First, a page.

Two nations divided by a common language. This well-worn phrase was repeatedly cited to me before we moved from the UK to New York and a lot after we landed. With this phrase ringing in my ears, friends at home would reassure me the shared language would make it easier for us to settle in the US. It seems Brits feel familiar with US culture thanks to the plethora of exported TV shows and movies that influence our small green island. However what’s depicted on the big or small screen or through the behavior of American celebrities does not quite capture the nuances that differentiate British and American consumers. Often, differences between the two countries are trivialized and boiled down to accent, the odd word or communication styles; compare the stereotypical deference of the Brits with the boldness of Americans.

Until I moved here, I hadn’t fully appreciated just how different the two countries are when it comes to cultural context and related consumer behavior. Like many Brits I’d visited the States a few times before we decamped here, but getting a cultural impression whilst on a brief business trip or holiday is very different to living somewhere new that requires one to adapt in order to communicate more effectively and form enduring relationships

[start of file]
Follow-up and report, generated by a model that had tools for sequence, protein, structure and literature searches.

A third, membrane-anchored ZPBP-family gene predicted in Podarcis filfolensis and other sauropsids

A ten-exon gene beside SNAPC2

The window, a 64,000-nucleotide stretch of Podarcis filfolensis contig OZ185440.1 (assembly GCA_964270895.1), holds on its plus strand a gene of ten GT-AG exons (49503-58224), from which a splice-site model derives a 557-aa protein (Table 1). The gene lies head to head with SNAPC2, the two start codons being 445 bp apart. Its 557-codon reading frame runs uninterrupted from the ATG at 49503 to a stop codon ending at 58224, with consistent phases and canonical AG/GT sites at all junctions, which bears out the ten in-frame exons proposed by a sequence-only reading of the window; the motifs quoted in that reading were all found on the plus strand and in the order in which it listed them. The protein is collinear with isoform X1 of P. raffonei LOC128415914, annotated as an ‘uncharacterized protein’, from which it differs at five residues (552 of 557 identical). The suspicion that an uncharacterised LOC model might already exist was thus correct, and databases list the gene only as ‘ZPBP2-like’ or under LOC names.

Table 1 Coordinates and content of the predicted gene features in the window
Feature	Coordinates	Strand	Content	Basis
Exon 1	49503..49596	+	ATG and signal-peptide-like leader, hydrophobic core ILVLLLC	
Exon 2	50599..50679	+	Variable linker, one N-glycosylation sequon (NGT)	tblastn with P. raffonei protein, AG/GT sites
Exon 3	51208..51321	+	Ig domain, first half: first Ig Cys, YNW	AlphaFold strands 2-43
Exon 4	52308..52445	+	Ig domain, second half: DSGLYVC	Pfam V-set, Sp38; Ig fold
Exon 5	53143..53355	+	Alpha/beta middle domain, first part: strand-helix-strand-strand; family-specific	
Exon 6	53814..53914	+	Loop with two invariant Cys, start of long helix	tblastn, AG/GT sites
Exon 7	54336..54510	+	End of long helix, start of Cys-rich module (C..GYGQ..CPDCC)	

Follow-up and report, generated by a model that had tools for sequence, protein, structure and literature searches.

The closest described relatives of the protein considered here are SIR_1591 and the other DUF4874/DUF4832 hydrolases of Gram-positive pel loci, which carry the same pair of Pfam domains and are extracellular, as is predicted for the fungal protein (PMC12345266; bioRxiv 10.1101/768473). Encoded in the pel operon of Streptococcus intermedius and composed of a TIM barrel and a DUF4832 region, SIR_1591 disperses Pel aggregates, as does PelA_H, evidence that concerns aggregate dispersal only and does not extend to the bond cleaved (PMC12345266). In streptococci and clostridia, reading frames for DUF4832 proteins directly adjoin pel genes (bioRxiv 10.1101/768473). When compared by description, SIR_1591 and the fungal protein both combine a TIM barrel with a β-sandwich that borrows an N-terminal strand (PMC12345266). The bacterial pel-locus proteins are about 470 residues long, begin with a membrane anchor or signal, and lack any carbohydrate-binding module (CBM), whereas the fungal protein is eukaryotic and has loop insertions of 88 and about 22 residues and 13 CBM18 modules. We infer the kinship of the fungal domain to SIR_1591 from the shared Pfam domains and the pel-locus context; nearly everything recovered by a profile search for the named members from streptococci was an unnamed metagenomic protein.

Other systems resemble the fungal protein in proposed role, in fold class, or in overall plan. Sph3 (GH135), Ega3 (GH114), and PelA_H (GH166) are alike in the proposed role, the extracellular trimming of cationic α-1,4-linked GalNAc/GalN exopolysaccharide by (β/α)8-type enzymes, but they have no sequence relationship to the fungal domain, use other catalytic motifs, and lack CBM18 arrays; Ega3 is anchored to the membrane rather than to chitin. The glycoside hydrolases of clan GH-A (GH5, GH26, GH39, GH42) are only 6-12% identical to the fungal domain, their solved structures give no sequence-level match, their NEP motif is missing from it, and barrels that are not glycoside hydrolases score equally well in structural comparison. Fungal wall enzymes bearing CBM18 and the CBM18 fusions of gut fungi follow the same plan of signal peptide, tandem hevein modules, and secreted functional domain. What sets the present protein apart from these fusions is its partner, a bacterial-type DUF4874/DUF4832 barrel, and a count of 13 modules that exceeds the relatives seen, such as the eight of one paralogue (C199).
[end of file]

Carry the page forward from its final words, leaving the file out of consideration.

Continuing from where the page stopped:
As a naïve new American consumer there seemed three main hurdles to overcome. Firstly, I had to learn a new consumer vocabulary – I remember asking a bemused looking shop assistant in Target where the Wellie Boots were. She stared back at me blankly until I described them as plastic boots you wear in the rain – doh! When the school asked me to pack a Brown Bag lunch for the kids, I assumed it was a product not another word for a lunch you make yourself, and as a result I spent a good amount of wasted time scanning A&P Fresh Market for a non existent brand. Secondly, I had to adopt new shopping behaviors – visiting separate stores to buy wine and beer (in New York State), using debit cards as credit cards, ignoring the layers of US point of sale pricing in supermarkets, and realizing it was pretty normal to drive 20 miles to a supermarket because the product was better or the market was significantly cheaper. (I reckon 2 miles is about the average drive for a UK consumer to their preferred supermarket).